• [0143]
    A person finder server (PFS) with an associated personal characteristics database (PCD) is connected to the data network. The PCD contains characteristics of the MP users (subscribers). These characteristics are related to the MP subscription and may include hobbies, interests, age, gender, profession, favorites, contact information, address, education, association, and other personal data. The persons registered in the PCD have given consent to their personal data and characteristics to be searchable by the PFS. Alternatively, the persons registered in the PCD can control the search ability of their personal data via WAP or by sending a message to change the status to the PFS. FIG. 7 gives an example of the procedure to register in the PCD. The user logs onto the PFS via WAP and selects “Get profile template” in the phone menu. The PCD returns a template to the requesting MP. After filling out the template the requesting Mp sends the completed form back to the PCD and the subscriber is registered.
  • [0144]
    The PFS retrieves the geographical position of the MPs from the O-ETD position server. The MPs have a person finder application (PFA) that is capable of requesting a search in the PCD by sending a text message (SMS/MMS/WAP/XHTML) or by logging onto the PFS via WAP. The PFA enables the user to create a search profile that includes at least one personality characteristic and a maximum distance to the present geographical position of the MP. The PFA places the search profile in a message and sends the message to the PFS. The PFS retrieves the MPs that fulfill the personality criterion that are located within the indicated distance from the first MP and that presently consent to their data being searched The PFS sends the result of the search to the first MP as a text message or via WAP. The search result includes the subscription number, geographical location (latitude and longitude, possibly converted to geodata (street address format)) and the personal data of the retrieved MPs.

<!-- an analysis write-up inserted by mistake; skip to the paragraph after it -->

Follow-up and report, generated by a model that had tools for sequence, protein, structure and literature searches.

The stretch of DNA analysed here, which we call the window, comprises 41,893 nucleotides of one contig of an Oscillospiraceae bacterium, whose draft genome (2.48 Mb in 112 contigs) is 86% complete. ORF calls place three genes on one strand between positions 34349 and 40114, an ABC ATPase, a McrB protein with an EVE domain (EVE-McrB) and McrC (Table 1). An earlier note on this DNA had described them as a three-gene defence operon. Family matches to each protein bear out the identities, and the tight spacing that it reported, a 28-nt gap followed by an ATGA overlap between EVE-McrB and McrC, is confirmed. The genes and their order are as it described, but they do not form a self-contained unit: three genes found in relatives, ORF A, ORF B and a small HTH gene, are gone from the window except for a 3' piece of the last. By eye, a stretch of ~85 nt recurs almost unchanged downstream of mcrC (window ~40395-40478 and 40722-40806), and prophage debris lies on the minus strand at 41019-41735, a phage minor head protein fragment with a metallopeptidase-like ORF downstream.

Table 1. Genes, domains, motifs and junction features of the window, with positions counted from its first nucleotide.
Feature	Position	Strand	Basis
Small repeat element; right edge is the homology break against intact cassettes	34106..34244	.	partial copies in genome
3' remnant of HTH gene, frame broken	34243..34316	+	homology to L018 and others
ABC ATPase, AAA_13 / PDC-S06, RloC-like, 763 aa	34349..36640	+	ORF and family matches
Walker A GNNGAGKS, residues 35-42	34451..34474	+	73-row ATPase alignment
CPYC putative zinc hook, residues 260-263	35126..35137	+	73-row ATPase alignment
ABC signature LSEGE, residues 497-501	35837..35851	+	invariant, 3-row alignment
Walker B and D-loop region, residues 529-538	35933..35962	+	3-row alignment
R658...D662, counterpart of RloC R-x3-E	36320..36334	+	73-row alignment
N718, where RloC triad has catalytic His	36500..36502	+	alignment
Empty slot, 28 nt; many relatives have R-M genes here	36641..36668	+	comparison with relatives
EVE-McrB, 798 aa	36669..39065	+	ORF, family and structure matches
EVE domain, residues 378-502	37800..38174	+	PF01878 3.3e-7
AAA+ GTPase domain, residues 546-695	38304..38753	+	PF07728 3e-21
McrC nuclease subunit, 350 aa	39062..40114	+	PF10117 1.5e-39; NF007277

• [0145]
    FIG. 8 shows a sequence of displays on the requesting MP that illustrates the procedure. By pressing softkey 24 “Menu”, the list of selectable items in the menu is displayed as a scrollable list. By pressing the navigation key 10 the user scrolls to the desired menu item, in this case “Search someone”. By pressing softkey 24, the selectable menu items “Hobbies”, “Time” and “Area” are displayed. In this example the user selects “Area”. The MP now displays a list of selectable menu items “Less than 1 km”, “less than 5 km” and More than 50 km”. The user selects less than 5 km, and presses softkey 25 “Back”. Next, the user selects the menu item “Time”, and the time for the search is set to 15 minutes. The request message is now send to the PFS. Within 15 minutes the PFS has found a friend within the selected area and sends a message to the requesting MP.